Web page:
The day before Washington issued this blow for liberty, the Supreme Court of the United States heard oral arguments in a similar case, Wisconsin Right to Life vs. Federal Election Commission. Wisconsin Right to Life was running issue ads about Democrats’ threatened filibuster of President Bush’s judicial nominees. The ads mentioned the two Senators, one of which was not on the ballot that year. The group fully intended their ads to trigger a lawsuit by attacking what they (rightly) believe is overly broad infringements on free speech rights by government interpretation of the Bipartisan Campaign Reform Act (“BCRA”), which would be better named the “McCain-Feingold Incumbent Protection Act”. You can read the Wisconsin group’s press release announcing their ads and their intention to challenge the law HERE. And an excellent summary of the case can be found HERE.

The L.A. Times, among others watching the case, believes that the tone of the questioning on Monday hints at the Supreme Court ruling for Wisconsin Right to Life. We can only hope that’s true. There is an interesting quote from Justice Stephen Breyer who said “If we agree with you in this case, goodbye McCain-Feingold.” It sounds as if Chief Justice Roberts might be a little more “squishy” than we’d like, as the LA Times reports that “he was not convinced the broadcast ban should be struck down entirely.” That said I am still hopeful that a 5-Justice (or more) majority will substantially attack the heart of BCRA.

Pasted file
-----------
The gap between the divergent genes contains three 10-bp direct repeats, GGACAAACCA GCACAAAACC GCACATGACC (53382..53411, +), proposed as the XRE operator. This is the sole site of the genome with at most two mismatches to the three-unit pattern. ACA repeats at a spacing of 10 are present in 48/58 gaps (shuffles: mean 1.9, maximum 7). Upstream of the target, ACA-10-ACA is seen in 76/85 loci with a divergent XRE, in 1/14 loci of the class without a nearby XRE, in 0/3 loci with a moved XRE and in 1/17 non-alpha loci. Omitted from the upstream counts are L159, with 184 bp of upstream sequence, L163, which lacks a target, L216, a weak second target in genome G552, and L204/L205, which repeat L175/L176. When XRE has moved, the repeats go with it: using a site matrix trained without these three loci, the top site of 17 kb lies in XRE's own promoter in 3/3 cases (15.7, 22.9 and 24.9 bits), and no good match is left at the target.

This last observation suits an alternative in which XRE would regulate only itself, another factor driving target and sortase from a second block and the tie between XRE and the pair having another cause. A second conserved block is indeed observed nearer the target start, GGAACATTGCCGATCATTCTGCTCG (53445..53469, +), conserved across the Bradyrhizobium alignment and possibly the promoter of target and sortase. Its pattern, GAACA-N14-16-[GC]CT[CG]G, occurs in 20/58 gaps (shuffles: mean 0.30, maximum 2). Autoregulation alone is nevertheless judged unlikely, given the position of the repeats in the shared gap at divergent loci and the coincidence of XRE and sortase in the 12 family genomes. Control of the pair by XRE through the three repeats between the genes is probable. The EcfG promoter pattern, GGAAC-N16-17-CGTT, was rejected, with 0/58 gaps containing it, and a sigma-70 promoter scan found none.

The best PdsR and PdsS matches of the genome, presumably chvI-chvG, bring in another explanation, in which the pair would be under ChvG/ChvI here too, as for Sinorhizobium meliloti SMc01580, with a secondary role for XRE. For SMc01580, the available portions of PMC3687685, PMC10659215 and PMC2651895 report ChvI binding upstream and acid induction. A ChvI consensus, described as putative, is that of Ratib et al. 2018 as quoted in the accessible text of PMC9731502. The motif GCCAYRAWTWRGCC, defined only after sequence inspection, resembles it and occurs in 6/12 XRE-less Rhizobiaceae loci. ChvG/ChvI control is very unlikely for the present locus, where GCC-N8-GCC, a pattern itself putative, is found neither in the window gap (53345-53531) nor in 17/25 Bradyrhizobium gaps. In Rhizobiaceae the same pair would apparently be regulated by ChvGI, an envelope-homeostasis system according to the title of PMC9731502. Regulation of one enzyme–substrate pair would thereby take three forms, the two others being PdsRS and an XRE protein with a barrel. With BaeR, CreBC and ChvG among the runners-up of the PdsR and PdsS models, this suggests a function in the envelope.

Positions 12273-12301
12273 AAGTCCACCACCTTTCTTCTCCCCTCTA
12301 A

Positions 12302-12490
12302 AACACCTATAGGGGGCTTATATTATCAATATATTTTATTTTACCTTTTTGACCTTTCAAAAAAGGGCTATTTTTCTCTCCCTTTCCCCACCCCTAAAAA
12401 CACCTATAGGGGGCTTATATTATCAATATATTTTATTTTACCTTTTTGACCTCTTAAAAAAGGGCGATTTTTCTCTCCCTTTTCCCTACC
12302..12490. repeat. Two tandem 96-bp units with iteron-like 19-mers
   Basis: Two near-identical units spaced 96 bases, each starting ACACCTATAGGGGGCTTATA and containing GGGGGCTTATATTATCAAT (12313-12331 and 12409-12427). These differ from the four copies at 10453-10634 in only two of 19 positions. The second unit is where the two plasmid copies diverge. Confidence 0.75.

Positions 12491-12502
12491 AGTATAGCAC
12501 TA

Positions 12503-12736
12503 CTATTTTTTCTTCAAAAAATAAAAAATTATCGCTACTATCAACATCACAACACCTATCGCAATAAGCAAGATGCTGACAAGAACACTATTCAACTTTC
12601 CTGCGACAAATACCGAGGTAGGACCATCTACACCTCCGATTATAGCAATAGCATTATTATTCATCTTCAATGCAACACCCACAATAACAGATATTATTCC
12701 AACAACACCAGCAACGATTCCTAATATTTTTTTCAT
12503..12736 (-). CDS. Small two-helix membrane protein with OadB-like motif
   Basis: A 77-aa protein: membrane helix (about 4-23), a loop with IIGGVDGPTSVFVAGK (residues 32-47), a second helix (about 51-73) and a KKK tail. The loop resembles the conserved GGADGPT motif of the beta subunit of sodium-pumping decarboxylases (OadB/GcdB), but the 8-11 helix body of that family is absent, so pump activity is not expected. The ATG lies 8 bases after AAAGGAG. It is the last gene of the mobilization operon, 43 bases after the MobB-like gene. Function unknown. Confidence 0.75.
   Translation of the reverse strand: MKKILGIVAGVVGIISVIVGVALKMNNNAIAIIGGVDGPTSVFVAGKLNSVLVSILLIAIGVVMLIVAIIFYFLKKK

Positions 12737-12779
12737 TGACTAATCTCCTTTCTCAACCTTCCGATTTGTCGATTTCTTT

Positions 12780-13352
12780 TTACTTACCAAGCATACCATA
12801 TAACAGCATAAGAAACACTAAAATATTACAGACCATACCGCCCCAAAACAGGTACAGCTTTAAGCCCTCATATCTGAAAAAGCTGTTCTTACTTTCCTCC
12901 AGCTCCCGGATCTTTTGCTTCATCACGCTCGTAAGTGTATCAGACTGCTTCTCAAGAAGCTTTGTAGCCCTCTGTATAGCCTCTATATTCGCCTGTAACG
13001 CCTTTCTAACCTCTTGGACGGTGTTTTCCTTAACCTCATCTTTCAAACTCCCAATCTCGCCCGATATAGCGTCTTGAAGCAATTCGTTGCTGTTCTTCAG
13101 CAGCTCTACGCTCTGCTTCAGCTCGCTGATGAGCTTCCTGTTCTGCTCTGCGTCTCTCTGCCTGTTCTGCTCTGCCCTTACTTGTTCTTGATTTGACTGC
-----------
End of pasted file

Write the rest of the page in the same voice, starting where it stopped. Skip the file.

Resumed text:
And at this link, you can both read and hear the oral arguments presented to the Court in the case’s first appeal in 2006. It’s 57 minutes long and fascinating, although it is not the latest arguments in the case. And, at the Supreme Court web site, at this link, you can read the transcript of Wednesday’s arguments:

A ruling in the case is expected in June. It represents a real opportunity for the Court to take its first step back toward protecting political speech, the type of speech that our Founders were most interested in protecting by writing the First Amendment.

Amazingly (or may not so amazingly), John McCain also filed a lawsuit against Wisconsin Right to Life to uphold his blatantly unconstitutional legacy. Indeed, while I don’t hate John McCain, I believe that his primary role in passing a law which bans the mention of the names of candidates for Federal office within 60 days of an election is so anti-American, anti-liberty, and so reminiscent of the worst characteristics of dictatorships from Stalin to 1984’s “Big Brother”, that he is supremely unfit to be President of the United States. (There are plentiful other reasons not to support him, but I don’t need anything more than McCain-Feingold.)

John McCain once argued that negative campaign ads targeting candidates were basically just not polite and that candidates shouldn’t be subjected to them. Given the effectiveness of negative ads and the huge election advantage held by incumbents to begin with, banning such ads is effectively making all but the worst incumbents invulnerable, making them effectively “Senators for Life”. BCRA is a law which Hugo Chavez would be proud to implement.